School officials at Oakland University in Michigan have apologized after thousands of scholarships were mistakenly awarded to prospective students in the beginning of January.
University spokesman Brian Bierley told The Detroit News that nearly 5,500 applicants were notified through email on January 4 that "they were entitled to receive Oakland University’s Platinum Presidential Scholar Award, our highest award."
The almost full-tuition scholarship is worth $12,000 a year -- roughly the cost of the school's full tuition. Students must hold a 3.9 GPA and score at least 1450 on the SAT or a 33 or higher on the ACT to qualify.
According to the Detroit News, university officials uncovered the blunder within hours and sent out another batch of emails apologizing to the students on Jan. 5.
"Unfortunately, the students who received the message do not meet the eligibility requirements for this award, but have qualified for varying levels of OU scholarship awards," Bierley said to The Detroit News.
Bierley blamed the accident on "human error."
Estimates show the university would've lost out on $264 million over a four year period.
Oakland University's scholarship error comes just days after Central Michigan University encountered a similar mistake last weekend. CMU officials not only apologized to students, but also offered the equivalent of a full-tuition scholarship.
Oakland University, however, has not changed its position and has instead encouraged affected applicants to apply for other scholarships by updating grades and test scores.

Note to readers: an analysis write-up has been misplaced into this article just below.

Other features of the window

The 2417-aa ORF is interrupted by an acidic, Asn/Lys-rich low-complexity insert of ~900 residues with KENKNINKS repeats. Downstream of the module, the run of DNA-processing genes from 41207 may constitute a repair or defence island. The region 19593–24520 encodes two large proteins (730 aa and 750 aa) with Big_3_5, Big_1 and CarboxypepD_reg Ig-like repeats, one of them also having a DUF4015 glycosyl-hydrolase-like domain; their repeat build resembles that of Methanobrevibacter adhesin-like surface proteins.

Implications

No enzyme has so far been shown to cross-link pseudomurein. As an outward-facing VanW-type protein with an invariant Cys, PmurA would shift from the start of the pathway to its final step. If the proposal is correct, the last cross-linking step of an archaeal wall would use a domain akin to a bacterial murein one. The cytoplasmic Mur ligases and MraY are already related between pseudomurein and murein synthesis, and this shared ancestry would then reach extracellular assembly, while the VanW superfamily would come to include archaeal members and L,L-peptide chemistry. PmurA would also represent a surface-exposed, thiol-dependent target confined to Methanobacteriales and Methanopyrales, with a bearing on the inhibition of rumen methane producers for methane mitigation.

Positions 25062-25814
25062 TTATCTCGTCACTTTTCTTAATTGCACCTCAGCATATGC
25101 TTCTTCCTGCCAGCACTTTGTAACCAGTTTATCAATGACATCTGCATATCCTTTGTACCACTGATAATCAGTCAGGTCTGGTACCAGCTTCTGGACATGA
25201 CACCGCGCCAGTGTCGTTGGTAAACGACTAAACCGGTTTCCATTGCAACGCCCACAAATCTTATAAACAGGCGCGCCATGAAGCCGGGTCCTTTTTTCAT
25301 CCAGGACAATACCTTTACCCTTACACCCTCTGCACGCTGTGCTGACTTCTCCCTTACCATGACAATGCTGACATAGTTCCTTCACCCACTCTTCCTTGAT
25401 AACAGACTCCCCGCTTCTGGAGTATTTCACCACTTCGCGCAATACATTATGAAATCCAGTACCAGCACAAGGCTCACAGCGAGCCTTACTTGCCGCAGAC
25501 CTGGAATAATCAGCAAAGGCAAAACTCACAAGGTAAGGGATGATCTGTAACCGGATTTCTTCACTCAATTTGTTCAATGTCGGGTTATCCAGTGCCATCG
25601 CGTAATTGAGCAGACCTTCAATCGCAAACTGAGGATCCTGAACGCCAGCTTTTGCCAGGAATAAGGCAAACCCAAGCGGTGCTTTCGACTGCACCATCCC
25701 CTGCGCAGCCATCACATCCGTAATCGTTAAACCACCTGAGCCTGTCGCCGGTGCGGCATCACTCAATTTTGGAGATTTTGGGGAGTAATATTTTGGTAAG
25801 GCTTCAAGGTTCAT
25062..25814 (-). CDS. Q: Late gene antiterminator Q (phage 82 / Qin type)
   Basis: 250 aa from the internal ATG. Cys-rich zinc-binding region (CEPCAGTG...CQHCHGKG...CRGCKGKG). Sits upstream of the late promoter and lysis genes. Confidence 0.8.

Families affected by OU's slip-up initially shrugged it off, but are now questioning the school's response after seeing how CMU handled their mistake.
"College is so expensive, so this is a brutal mistake," Amy Pero told The Detroit News. Her 18-year-old daughter is one of the thousands of applicants who mistakenly received emails from OU. "They should consider honoring it in some form. It's not like we want to bankrupt the university, and accidents do happen, but this is a really unfortunate one."
Jess VanDerMaas said the false notification felt like a "cruel joke" to her 17-year-old daughter after handling the stress of high school and the COVID-19 pandemic.
"We're not asking for money, inherently. My daughter is going to be successful regardless of what school she goes to," VanDerMaas said to The Detroit News. "But these kids are already going against this major uphill challenge."
"These administrators are making all this money, millions of dollars, and they're kicking these kids when they haven't even gotten to step out on the street."
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